Since I was traveling solo, I got the solo seat since the bus only has 3 seats instead of 4 seats per row. There is also more legroom, a charging port, free snacks and water, free use of blanket (it’s freezing in the bus! Wear socks too!) and there is even a bus attendant, like one of those flight attendants.
I booked JJ Express via their Facebook Page . Other VIP buses include Elite, Mandalar Minn, and Shwe Nan Taw Express.
For those on the budget, local buses usually cost around 10,000-12,000 kyats. Buses can be booked via your accommodation.
Do take note that the Aung Mingalar Bus Station in Yangon is quite far from downtown so allow 1 – 2 hours for the terrible traffic. We got a taxi to take us to the bus station for 8,000 kyats.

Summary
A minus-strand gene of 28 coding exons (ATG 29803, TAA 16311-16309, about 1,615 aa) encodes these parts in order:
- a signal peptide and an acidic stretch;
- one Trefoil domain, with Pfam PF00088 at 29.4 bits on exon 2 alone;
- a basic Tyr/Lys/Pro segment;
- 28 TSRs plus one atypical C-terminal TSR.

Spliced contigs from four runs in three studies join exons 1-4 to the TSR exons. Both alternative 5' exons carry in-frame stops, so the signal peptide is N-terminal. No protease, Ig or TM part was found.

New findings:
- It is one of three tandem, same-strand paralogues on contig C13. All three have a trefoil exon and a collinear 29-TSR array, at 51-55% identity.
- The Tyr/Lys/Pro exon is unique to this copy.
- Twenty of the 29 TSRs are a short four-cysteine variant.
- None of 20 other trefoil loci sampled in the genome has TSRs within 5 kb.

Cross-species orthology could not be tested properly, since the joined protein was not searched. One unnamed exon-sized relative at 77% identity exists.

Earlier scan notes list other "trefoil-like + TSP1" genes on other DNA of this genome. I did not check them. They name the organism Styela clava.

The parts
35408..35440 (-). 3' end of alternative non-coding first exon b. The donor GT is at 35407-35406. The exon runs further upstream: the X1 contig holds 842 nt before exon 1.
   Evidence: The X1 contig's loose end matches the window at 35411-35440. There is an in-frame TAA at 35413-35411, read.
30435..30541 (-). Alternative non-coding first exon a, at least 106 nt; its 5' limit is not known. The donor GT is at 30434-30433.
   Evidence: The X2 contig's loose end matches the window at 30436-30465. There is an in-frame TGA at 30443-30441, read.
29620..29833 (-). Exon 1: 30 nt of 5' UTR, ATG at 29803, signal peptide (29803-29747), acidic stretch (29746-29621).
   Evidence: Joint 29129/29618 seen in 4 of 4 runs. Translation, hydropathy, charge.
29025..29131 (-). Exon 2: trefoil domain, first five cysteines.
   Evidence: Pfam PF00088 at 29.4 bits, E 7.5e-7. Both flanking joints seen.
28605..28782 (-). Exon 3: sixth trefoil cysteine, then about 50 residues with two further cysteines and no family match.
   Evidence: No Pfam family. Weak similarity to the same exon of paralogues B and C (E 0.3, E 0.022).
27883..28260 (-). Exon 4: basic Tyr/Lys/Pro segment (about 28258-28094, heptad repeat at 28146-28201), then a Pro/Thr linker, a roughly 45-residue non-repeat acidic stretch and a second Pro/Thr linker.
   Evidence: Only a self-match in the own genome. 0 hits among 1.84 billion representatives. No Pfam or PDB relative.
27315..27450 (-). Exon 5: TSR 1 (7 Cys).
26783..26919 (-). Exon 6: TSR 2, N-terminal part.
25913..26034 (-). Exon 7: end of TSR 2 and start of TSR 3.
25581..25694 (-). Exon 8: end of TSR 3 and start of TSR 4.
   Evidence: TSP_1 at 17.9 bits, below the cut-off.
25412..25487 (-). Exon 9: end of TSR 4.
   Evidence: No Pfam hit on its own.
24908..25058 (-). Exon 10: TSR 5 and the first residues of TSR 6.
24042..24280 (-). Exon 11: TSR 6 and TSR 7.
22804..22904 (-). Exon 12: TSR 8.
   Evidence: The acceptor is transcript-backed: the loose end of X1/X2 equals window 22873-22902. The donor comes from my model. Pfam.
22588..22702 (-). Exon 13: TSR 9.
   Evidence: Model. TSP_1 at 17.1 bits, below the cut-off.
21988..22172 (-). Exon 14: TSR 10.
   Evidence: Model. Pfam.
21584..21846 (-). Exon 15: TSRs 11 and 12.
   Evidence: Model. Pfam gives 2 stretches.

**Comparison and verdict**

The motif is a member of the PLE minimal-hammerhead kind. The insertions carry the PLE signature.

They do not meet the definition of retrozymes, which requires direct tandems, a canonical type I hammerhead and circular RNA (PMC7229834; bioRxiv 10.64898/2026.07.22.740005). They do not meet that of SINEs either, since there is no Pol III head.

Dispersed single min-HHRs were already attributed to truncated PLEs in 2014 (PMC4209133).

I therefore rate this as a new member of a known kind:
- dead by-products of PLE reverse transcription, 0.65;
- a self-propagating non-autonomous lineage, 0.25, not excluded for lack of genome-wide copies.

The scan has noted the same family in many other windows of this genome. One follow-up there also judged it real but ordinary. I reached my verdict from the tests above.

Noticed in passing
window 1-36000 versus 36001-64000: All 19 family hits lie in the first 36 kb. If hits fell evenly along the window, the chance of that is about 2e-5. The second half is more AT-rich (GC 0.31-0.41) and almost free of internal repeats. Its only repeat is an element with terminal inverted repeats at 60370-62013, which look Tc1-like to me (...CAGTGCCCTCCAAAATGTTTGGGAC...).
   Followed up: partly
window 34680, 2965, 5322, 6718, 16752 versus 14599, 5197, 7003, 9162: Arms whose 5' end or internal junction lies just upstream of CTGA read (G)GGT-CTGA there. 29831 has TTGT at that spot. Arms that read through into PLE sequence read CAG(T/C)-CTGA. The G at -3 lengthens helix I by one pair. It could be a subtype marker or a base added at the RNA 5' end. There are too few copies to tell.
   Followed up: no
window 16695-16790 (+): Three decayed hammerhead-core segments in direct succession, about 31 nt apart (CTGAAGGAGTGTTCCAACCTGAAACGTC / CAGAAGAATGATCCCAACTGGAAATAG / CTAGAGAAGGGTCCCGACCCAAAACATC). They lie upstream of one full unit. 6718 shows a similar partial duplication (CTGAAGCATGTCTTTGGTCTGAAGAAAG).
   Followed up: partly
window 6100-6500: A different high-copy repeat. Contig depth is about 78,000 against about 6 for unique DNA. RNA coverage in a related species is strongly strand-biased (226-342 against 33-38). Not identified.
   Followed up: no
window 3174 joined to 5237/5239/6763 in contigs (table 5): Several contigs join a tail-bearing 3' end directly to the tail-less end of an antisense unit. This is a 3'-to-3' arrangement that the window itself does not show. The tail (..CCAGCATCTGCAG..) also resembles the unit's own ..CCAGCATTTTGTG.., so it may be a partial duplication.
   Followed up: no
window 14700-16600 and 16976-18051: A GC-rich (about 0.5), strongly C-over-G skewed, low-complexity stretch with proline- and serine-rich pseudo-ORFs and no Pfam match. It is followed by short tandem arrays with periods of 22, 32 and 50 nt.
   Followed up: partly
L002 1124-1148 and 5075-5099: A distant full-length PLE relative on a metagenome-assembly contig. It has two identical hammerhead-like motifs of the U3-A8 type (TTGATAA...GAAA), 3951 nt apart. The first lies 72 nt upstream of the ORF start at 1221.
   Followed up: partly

Ready yourselves upon disembarking for you will be swarmed by touts and drivers all competing for customers. Normal rate to get to Nyaung U is 3000 kyats per person so haggle if you’re charged too high. Options include local shared taxi and trishaw.
Train: If you have the luxury of time and love train rides, then this is the way to go. There is an overnight train from Yangon to Bagan, as well as from Mandalay to Bagan. Trains arrive at Bagan Railway Station (around 15 mins to Nyaung U). See more about Train Travel in Myanmar in Seat61.
Boat: The boat ride from Mandalay to Bagan is one of the famous ones, cruising along the Irrawaddy (Ayeyarwaddy River). You can choose between the express (fast) or slow boat, or the luxury river cruise if you have the budget for it. Travel time can take 10 – 20 hours or even days depending on the season. Boats arrive in Nyaung U jetty.
How to get around Bagan